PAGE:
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## 1.2.5 Worst Case, Average Case, and Amortized Complexity

• Worst case Running Time: The behavior of the algorithm with respect to the worst possible case of the input instance. The worst-case running time of an algorithm is an upper bound on the running time for any input. Knowing it gives us a guarantee that the algorithm will never take any longer. There is no need to make an educated guess about the running time.

• Average case Running Time: The expected behavior when the input is randomly drawn from a given distribution. The average-case running time of an algorithm is an estimate of the running time for an "average" input. Computation of average-case running time entails knowing all possible input sequences, the probability distribution of occurrence of these sequences, and the running times for the individual sequences. Often it is assumed that all inputs of a given size are equally likely.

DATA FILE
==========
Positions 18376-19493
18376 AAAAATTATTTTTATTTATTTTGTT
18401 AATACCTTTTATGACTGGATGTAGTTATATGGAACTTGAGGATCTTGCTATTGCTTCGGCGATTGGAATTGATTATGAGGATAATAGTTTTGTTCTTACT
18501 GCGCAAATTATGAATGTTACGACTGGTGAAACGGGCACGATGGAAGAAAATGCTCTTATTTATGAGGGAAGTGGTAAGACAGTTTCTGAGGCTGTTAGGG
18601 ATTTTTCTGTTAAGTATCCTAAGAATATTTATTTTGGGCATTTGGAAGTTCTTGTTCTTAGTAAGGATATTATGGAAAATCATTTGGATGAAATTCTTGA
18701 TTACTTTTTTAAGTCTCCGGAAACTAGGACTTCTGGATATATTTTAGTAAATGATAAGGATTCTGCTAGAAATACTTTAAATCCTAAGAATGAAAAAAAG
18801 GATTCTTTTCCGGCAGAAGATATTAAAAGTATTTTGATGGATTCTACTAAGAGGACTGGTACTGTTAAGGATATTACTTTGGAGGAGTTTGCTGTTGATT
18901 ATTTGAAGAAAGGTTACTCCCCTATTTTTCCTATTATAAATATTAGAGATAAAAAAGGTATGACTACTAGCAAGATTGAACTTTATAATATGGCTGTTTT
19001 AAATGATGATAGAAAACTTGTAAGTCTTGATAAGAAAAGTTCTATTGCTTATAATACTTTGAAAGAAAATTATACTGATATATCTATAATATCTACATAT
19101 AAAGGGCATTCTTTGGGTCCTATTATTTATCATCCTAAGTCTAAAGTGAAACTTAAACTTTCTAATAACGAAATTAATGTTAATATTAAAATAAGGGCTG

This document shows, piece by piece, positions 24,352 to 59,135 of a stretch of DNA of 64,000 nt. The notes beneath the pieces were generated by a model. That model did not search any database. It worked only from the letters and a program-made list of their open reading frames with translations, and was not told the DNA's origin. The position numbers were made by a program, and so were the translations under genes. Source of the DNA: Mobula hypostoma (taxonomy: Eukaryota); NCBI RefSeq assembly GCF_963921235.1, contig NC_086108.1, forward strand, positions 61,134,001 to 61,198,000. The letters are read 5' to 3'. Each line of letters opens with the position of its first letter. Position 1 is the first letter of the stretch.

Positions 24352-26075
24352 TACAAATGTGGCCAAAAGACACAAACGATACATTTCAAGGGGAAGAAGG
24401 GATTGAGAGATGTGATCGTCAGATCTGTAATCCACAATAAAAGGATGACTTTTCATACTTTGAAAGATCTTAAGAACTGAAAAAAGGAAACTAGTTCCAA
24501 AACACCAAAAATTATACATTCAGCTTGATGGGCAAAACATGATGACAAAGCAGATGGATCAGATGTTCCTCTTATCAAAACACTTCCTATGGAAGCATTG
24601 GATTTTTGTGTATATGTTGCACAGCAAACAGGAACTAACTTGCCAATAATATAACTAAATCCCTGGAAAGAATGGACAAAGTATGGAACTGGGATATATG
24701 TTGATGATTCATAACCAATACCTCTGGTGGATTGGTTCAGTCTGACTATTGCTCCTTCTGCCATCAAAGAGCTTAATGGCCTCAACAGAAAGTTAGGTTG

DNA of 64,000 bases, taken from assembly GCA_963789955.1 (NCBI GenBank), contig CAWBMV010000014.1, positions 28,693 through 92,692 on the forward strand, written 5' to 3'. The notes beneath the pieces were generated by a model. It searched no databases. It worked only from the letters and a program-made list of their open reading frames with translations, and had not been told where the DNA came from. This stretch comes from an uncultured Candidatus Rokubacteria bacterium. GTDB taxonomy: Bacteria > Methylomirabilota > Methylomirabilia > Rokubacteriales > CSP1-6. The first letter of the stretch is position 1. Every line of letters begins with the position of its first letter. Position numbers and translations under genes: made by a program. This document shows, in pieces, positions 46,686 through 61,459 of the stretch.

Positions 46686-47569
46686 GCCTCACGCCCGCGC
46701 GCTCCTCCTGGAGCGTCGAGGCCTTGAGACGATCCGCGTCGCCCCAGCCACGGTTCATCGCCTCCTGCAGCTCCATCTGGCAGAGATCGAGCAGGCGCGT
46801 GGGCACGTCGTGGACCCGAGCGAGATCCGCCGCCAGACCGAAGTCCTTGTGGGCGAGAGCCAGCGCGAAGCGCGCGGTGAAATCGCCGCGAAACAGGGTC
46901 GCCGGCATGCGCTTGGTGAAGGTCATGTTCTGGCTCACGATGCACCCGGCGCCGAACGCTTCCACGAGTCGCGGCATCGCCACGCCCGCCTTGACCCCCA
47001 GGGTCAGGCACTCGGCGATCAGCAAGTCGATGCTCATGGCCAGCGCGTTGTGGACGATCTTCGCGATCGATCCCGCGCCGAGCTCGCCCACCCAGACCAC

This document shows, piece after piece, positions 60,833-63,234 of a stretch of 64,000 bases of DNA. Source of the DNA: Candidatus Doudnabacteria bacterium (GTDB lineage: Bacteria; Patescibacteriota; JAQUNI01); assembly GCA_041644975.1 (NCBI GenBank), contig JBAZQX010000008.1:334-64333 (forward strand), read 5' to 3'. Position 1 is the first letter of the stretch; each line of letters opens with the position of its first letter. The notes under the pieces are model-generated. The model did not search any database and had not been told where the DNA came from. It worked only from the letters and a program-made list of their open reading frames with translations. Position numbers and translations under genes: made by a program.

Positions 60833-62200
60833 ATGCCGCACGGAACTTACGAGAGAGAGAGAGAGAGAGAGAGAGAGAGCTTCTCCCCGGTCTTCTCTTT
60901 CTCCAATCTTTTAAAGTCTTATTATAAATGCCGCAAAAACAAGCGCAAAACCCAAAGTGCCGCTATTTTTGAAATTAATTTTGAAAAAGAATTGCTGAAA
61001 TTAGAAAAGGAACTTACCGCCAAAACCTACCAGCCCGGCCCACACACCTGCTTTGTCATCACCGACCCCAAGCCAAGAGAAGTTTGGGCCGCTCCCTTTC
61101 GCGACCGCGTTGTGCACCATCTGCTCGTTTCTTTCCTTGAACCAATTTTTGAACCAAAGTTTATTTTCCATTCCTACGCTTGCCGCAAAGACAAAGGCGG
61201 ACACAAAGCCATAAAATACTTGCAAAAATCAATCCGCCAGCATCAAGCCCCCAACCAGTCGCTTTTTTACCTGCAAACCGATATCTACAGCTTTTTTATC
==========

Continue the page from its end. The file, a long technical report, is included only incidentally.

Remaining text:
• Amortized Running Time Here the time required to perform a sequence of (related) operations is averaged over all the operations performed. Amortized analysis can be used to show that the average cost of an operation is small, if one averages over a sequence of operations, even though a simple operation might be expensive. Amortized analysis guarantees the average performance of each operation in the worst case.
1.
For example, consider the problem of finding the minimum element in a list of elements.
Worst case = O(n)
Average case = O(n)

2.
Quick sort
Worst case = O(n2)
Average case = O(n log n)

3.
Merge Sort, Heap Sort
Worst case = O(n log n)
Average case = O(n log n)

4.
Bubble sort
Worst case = O(n2)
Average case = O(n2)

5.
Binary Search Tree: Search for an element

Worst case = O(n)
Average case = O(log n)   Next: 1.2.6 Big Omega and Big Theta Notations Up: 1.2 Complexity of Algorithms Previous: 1.2.4 Role of the Constant
eEL,CSA_Dept,IISc,Bangalore